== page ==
For decades, onboarding processes have remained the same. Manually done and prone to errors, this crucial step in a customer's journey is often a frustrating one—but onboarding is essential in anti-money laundering and know-your-client regulations, as well as in the Foreign Account Tax Compliance Act.

Onboarding seems, at its root, a simple task: gather the correct information from a prospect, check it with the correct regulations, and make sure that the risk of onboarding him or her does not hinder the firm's wellbeing. However, in the context of cyber threats, new regulations, new technologies and products employed by competitors, and the high stakes of data breaches, onboarding loses much of its simplicity.

Breaches are dangerous for both company and client. Losing confidential data can mean reputational damage and loss of trust. Security is thus of top importance, yet it may not be the main reason why onboarding is generally slow. It is often down to paperwork: to register, depending on the company, users often must provide paper versions of documents, be they standard IDs or more exotic documents that are harder to source like a birth certificate from a home country, proof of residence from a commune, or in some cases even gas bills. A missing document can become a hurdle, hindering the quality of an onboarding experience.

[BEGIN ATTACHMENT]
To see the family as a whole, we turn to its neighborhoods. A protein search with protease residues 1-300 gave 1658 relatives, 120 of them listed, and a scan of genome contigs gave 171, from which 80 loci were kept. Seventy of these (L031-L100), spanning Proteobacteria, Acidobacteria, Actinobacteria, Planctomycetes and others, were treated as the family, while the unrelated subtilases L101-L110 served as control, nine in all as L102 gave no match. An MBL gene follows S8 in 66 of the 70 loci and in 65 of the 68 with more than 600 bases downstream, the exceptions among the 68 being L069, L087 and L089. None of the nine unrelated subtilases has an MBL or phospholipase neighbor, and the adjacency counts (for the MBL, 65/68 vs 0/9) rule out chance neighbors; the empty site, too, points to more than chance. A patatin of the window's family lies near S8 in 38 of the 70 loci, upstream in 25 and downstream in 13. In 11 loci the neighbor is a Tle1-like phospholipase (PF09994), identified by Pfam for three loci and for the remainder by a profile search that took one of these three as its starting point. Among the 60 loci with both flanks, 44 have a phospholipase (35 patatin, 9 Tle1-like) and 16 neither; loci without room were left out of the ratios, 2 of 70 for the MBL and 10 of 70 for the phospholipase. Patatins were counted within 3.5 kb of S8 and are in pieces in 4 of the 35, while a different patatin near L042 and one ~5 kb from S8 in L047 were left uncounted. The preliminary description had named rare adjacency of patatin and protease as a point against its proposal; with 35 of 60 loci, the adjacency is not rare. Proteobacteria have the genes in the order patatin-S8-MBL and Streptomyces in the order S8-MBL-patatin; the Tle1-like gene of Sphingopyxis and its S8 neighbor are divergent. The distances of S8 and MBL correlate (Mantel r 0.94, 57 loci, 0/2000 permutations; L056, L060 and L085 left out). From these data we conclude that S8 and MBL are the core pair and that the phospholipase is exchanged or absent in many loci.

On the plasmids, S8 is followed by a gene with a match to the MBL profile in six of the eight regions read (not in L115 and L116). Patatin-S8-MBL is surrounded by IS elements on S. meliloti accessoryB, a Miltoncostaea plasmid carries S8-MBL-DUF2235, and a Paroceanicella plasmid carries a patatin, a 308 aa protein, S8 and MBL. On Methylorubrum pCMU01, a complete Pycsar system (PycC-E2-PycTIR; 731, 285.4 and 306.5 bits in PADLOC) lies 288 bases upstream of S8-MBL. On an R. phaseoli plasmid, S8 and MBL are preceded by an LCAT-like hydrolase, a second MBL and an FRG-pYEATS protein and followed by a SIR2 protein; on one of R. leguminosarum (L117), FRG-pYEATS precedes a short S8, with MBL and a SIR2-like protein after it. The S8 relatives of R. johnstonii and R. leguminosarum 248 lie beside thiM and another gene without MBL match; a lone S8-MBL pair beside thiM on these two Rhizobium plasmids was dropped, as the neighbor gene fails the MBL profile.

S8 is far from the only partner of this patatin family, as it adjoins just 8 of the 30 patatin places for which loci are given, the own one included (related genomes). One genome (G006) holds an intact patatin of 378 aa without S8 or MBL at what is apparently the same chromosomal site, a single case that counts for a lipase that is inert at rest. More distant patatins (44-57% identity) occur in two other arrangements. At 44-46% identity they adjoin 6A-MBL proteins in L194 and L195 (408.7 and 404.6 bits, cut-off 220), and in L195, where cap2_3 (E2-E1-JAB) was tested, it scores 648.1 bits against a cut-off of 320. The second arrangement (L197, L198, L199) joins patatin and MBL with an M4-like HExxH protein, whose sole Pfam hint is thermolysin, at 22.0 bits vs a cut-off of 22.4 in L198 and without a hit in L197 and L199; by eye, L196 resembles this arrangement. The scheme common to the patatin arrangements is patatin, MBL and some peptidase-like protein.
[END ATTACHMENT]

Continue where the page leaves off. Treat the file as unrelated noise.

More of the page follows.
With millennials expecting institutions to function as fast as their fibre connections, onboarding should be a positive experience. It's generally the first contact customers have with an institution, and a negative experience can sully the rest of the relationship. Millennials, furthermore, don't want to waste time on physical errands, as a result of which the disintermediation is heavily digital. Mobile phones have become the gateway to customers, meaning that investment is often better spent on digital dexterity than on new brick-and-mortar locations.

Will the future of onboarding continue to rely on physical documents? Some have argued that a social media feed can better characterise a person than his or her birth certificate, though perhaps such a shift is still far off.